I hesitated at first to do Bavarian cream because I’ve had so many bad experiences with it. No, not making it. Eating it. For Bavarian cream is a much abused substance in the baking world. So often it has so much gelatin in it that it comes off like JELL-O pudding. Thankfully, pastry chef Laura N. — another solidly obsessive personality — was kind enough to help me find a formula to get excited about. It’s by Chef Roland Mesnier from his book Dessert University and it goes kinda sorta like this:
1.5 ounces (3 tablespoons) cold water
2 1/4 teaspoons gelatin
4 large egg yolks
3 ounces (1/4 cup plus 1 tablespoon) sugar
1 1/2 cups half-and-half
Seeds from one vanilla bean
1 1/2 cups heavy cream, cold
Put the cold water in a small bowl, sprinkle on the gelatin and let it stand. In a large bowl, whisk together the eggs and sugar.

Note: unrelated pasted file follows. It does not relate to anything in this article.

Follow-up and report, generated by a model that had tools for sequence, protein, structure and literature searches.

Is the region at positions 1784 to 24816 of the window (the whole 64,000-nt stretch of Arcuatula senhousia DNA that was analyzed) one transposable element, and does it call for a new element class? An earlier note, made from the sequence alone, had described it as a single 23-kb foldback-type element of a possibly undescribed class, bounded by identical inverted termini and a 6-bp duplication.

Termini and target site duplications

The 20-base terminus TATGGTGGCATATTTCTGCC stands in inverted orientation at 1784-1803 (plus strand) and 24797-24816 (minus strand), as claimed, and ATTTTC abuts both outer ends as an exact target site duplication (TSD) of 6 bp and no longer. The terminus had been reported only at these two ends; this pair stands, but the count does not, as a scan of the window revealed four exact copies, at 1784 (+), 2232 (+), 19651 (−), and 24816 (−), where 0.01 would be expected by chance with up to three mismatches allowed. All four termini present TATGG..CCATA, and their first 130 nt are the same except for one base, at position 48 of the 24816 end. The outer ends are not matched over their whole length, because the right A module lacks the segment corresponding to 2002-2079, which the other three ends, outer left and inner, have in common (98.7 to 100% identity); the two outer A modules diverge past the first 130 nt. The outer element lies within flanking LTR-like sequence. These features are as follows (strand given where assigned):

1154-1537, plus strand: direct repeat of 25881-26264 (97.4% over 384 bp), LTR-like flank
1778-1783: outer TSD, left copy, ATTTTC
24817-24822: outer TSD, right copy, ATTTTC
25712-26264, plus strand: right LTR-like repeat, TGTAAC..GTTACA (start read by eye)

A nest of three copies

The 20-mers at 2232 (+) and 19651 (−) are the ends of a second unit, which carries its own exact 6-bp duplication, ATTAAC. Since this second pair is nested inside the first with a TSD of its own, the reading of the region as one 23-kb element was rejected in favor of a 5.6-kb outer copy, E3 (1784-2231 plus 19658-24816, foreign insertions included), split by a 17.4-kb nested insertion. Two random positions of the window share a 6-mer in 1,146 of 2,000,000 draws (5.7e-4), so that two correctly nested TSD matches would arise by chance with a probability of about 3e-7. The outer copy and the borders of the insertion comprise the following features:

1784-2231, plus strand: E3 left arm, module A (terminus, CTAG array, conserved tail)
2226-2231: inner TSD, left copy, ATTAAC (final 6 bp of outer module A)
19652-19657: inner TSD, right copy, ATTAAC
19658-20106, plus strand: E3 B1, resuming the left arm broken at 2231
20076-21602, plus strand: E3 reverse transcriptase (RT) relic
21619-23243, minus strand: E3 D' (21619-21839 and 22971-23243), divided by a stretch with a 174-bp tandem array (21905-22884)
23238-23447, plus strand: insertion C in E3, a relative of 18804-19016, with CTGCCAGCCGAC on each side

Get a large bowl of ice water ready.
Put the half-and-half in a small saucepan, add the vanilla seeds and whisk to combine. Bring the mixture to the boil, then slowly pour it into the egg mixture, whisking the whole time. Pour the entire mixture back into the saucepan and bring it just to the boil. When the custard starts to bubble, pour it through a fine mesh strainer into another bowl. Whisk in the gelatin and place the bowl in the ice water bath.
While the custard is cooling, whip the cream. Add the cold cream to the bowl of an electric mixer fitted with a whip and whip to the soft peak stage. When the the custard has just started to thicken but is still liquid, fold in the whipped cream. Scrape the mixture into the appropriate mold and chill in the refrigerator for a minimum of 3 hours. It can be kept several days or frozen for up to three months.